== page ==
Saturday, October 6, 2007

I Hate That In the End It Always Comes Down to How Much I Have Invested in People Liking Me.

I read 4 or 5 blogs every day, and another batch of them I read weekly. A few of them are newsy, but most of them are more like mine, just people writing about the little stuff that goes on in their lives.

Last week, one of my bloggers posted a youtube clip from the Dr. Phil show of Sandy Patti singing Ain't No Mountain High Enough while a girl with Down's Syndrome did ASL interpretation. I didn't notice that the girl was retarded until halfway through the clip (the camera mostly avoided her), but I was having a good laugh at Sandy Patti, the big white lady pouring her heart and soul into the Motown tune. Sandy Patti is like a blonder, less famous Kathie Lee Gifford, and just as ludicrous.

When I finally did notice the girl, it became suddenly exponentially more bizarre and hilarious. I cracked up at the insanity of this woman who had decided that the best way to convey her message would be to sing this song and have a retarded girl do ASL with her, and that it was working because this room full of people was obviously deeply affected by it. What a world.

I sent the clip to J and another friend who I was sure would find it as absurd and funny as I did. Both of them replied saying, basically, "I don't think this is funny." In an instant I changed from the sophisticated artist with a dark sense of humor to the cruel oaf laughing at the retarded girl, and I was mortified. (Neither of my friends reprimanded me. This anxiety was of my own creation.) I know I wasn't laughing at the retarded girl, but, for some very frustrating reason, it was more important to me to know that my friends know that. And of course there's no explaining it. ("I wasn't laughing at her, I was laughing with her." How ridiculous.) And really, even though I wasn't laughing at the retarded girl, I was laughing at the fat white lady, who, after all, was just doing her best to bring joy into the world.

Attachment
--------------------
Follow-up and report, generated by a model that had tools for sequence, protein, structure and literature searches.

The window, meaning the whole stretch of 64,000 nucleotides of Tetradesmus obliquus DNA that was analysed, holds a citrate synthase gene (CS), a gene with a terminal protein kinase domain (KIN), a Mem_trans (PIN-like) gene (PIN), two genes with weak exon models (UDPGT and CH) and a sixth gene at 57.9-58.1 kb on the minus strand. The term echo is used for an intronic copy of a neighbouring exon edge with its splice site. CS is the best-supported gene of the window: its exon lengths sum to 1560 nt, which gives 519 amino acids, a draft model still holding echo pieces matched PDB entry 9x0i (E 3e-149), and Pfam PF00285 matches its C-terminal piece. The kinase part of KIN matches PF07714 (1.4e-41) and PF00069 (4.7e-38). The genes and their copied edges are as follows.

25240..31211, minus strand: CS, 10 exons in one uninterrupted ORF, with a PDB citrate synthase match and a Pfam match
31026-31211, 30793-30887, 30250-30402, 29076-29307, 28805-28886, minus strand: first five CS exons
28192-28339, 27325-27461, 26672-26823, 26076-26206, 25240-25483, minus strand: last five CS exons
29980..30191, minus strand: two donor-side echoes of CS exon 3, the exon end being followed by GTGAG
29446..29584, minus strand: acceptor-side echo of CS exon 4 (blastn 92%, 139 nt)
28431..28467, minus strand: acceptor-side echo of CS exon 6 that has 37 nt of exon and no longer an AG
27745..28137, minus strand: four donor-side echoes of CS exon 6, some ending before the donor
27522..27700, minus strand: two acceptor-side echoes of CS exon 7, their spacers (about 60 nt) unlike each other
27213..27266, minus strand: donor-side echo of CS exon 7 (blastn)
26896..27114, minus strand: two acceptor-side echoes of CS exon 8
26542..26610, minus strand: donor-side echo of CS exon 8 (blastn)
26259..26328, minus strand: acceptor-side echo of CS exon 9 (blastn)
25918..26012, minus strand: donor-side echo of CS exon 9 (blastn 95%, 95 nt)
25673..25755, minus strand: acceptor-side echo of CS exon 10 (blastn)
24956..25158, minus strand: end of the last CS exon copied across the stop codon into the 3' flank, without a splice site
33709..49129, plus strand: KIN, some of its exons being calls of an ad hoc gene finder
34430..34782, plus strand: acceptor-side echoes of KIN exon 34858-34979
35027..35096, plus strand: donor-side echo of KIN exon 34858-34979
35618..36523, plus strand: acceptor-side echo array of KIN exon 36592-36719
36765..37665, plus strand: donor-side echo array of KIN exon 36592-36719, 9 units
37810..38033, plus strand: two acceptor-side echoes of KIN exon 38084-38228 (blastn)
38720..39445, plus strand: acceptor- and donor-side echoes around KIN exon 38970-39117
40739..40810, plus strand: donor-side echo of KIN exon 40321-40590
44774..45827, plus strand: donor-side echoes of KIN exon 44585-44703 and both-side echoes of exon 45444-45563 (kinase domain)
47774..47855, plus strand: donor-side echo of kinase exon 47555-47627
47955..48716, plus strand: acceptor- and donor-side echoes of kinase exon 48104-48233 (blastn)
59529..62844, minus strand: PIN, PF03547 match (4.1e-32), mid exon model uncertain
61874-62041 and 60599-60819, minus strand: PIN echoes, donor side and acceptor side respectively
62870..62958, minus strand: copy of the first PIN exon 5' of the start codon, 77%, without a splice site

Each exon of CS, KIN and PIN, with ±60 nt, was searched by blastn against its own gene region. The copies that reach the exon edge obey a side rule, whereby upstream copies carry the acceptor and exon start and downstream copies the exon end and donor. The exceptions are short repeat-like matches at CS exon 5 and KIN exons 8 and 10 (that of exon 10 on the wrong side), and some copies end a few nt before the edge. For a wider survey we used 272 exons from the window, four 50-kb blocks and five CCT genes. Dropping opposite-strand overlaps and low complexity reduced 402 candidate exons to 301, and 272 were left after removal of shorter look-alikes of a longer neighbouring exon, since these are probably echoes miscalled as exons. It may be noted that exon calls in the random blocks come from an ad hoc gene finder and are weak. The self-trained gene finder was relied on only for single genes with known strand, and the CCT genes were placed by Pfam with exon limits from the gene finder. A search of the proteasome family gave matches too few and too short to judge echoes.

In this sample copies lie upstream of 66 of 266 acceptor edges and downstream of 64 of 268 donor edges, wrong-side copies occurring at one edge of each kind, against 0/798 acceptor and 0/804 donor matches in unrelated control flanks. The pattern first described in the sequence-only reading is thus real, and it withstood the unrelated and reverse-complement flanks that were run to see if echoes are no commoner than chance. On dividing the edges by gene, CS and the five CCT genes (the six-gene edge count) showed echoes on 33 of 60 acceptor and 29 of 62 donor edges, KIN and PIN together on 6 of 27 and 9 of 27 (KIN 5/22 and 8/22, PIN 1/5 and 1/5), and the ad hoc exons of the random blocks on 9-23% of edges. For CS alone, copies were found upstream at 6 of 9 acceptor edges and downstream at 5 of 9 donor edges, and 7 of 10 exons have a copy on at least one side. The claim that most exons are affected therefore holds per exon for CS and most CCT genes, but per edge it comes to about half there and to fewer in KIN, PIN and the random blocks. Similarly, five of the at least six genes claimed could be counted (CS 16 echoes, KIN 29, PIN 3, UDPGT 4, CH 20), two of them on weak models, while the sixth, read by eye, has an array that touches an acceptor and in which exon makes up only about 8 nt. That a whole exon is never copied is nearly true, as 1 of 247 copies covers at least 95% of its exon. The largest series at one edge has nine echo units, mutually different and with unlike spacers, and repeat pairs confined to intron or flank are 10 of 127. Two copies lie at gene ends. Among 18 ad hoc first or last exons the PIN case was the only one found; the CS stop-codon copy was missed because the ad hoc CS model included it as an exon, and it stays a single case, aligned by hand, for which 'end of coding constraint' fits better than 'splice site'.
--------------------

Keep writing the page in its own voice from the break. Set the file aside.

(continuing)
There may be a lesson bigger than the size of my head in this, something like, "A dark sense of humor is fine until you hurt somebody." But mainly what I've learned (for the ten billionth time) is that despite the fact that I try to chip away at it every day, my ego is still as big as Mt. Everest.

Last night over dinner, J told me something that might serve as exculpatory evidence: On the youtube site -- when I forwarded the URL to my friends, it took them to youtube, not to the blog where I found the clip -- it's titled "Sandy Patti Butchers the Hits with a Retard." On the blog where I watched it, there was no title. I never would have laughed if I'd seen that title. You know that, don't you?

Thursday, October 4, 2007

Brouhaha de Español.

My Spanish teacher sat the class down for a heart-to-heart this morning.

Apparently there's a big flap in the Spanish department because the average test scores in all 20 classes of first-year Spanish were very low. Also, the range from highest to lowest score was very wide, some 45 points (which for some reason is also a bad sign, though I'm not sure why).